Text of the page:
The most prominent change in the Code related to compressed air monitoring is found in Module 11:
22.214.171.124: Compressed air or other gases (e.g. nitrogen or carbon dioxide) that contact food or food contact surfaces shall be clean and present no risk to food safety.
126.96.36.199: Compressed air systems and systems used to store or dispense other gases that come into contact with food or food contact surfaces shall be maintained and regularly monitored for quality and applicable food safety hazards. The frequency of analysis shall be risk-based and at a minimum annually.
The addition of the sentence “The frequency of analysis shall be risk-based and at a minimum annually,” to the Code clarifies the minimum frequency of monitoring that auditors will look for in future inspections. For some facilities, annual monitoring is not sufficient. Conduct a risk assessment to determine specific monitoring needs. Some manufacturers may determine that quarterly or semi-annual testing provides more accurate and reliable data on their system.
Risk assessments take many factors into account including:
- System age
- Piping distribution
In addition to the change of minimum monitoring frequency, SQF Edition 9 added the following definition of “compressed air monitoring” to its appendix:
A program that includes particles, water, oil, microorganism, and gases in compressed air and other gases. A verification of effectiveness of compressor maintenance and filtration a management facility has in place.
This definition clarifies what a monitoring plan should include while leaving the purity class up to the facility to decide based on their system’s capabilities and facility’s needs.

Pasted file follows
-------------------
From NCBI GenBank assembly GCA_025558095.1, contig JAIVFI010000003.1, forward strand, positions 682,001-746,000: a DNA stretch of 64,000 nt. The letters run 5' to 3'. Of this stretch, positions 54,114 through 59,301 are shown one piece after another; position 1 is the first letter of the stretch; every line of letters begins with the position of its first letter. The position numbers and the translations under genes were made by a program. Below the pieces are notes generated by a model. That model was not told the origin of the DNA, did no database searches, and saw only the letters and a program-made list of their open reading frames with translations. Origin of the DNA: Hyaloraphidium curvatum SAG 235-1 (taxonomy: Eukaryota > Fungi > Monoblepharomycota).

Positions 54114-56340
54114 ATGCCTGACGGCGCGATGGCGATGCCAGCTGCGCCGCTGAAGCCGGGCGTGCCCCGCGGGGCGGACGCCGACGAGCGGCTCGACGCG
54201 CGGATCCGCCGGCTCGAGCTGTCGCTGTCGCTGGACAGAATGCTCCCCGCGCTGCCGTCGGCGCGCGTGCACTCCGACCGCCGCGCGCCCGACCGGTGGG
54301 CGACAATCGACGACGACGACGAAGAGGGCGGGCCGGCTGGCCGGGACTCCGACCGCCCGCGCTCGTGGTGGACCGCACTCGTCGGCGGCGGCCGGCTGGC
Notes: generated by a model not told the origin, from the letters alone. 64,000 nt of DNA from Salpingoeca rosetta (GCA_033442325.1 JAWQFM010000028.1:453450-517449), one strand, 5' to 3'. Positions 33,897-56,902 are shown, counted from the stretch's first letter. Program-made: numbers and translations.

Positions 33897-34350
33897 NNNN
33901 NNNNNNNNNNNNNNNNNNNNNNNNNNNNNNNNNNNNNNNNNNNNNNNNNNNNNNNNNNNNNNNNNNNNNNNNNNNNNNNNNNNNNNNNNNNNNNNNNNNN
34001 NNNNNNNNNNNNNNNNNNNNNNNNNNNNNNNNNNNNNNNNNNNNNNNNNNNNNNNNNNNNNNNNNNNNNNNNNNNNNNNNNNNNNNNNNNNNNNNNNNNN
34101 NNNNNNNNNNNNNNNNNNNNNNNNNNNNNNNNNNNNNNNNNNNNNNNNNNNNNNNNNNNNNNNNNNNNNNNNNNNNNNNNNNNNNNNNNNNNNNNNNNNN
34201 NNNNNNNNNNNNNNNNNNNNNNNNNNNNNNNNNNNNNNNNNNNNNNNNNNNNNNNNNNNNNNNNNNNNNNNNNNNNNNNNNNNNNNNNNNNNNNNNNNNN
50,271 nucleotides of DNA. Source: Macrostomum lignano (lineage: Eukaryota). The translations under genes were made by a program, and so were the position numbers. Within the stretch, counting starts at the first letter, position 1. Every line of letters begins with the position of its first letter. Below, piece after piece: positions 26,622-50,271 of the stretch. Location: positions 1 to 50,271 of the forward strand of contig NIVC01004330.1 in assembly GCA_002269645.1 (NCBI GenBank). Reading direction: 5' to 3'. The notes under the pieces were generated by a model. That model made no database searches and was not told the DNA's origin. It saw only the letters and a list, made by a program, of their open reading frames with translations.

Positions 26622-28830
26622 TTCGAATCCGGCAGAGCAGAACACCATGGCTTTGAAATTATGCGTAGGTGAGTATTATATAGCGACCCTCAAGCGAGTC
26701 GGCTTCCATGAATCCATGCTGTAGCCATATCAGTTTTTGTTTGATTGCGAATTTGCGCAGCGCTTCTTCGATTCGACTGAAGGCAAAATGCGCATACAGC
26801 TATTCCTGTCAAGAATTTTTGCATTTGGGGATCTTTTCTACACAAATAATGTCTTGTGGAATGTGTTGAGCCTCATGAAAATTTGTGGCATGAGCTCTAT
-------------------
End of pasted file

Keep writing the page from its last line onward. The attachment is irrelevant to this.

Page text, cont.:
Edition 9 states that a compressed air monitoring plan should test for the following:
Particles: Both viable and non-viable particles concern manufacturers. Improper or inadequate filtration or system contamination can mean these particles may impact the end-products.
Water: Excess water in a compressed air system can lead to rust, saturate filters, and create a breeding ground for microorganisms.
Oil: Oils can enter a compressed air system from cleaning supplies, maintenance, and vehicle exhaust and can damage the system or contaminate the end-products.
Microorganisms: Contamination from microbes like Listeria or Salmonella should be monitored regularly to reduce the risks they present. Systems with excess water, oil, and particles are at a higher risk of microbial contamination.
To determine purity class, a facility may compare their system risks to published standards such as ISO 8573. Depending on the end-product and how your compressed air system comes in contact with it, purity requirements may vary.
It is important to keep your system’s capabilities in mind when choosing a purity class. Some systems may not be able to achieve the stringent requirements of a higher purity class due to variations in piping material, dryer type, filtration, etc.
SQF Edition 9 will go into effect on May 24th, 2021. This may mean that your facility needs to make important changes to your compressed air monitoring plan to meet certification requirements. With the additional guidance now available in Edition 9, facilities can better determine what to test for, how frequently to test, and which levels are appropriate for them.
For more information on testing compressed air systems to ISO 8573, click here.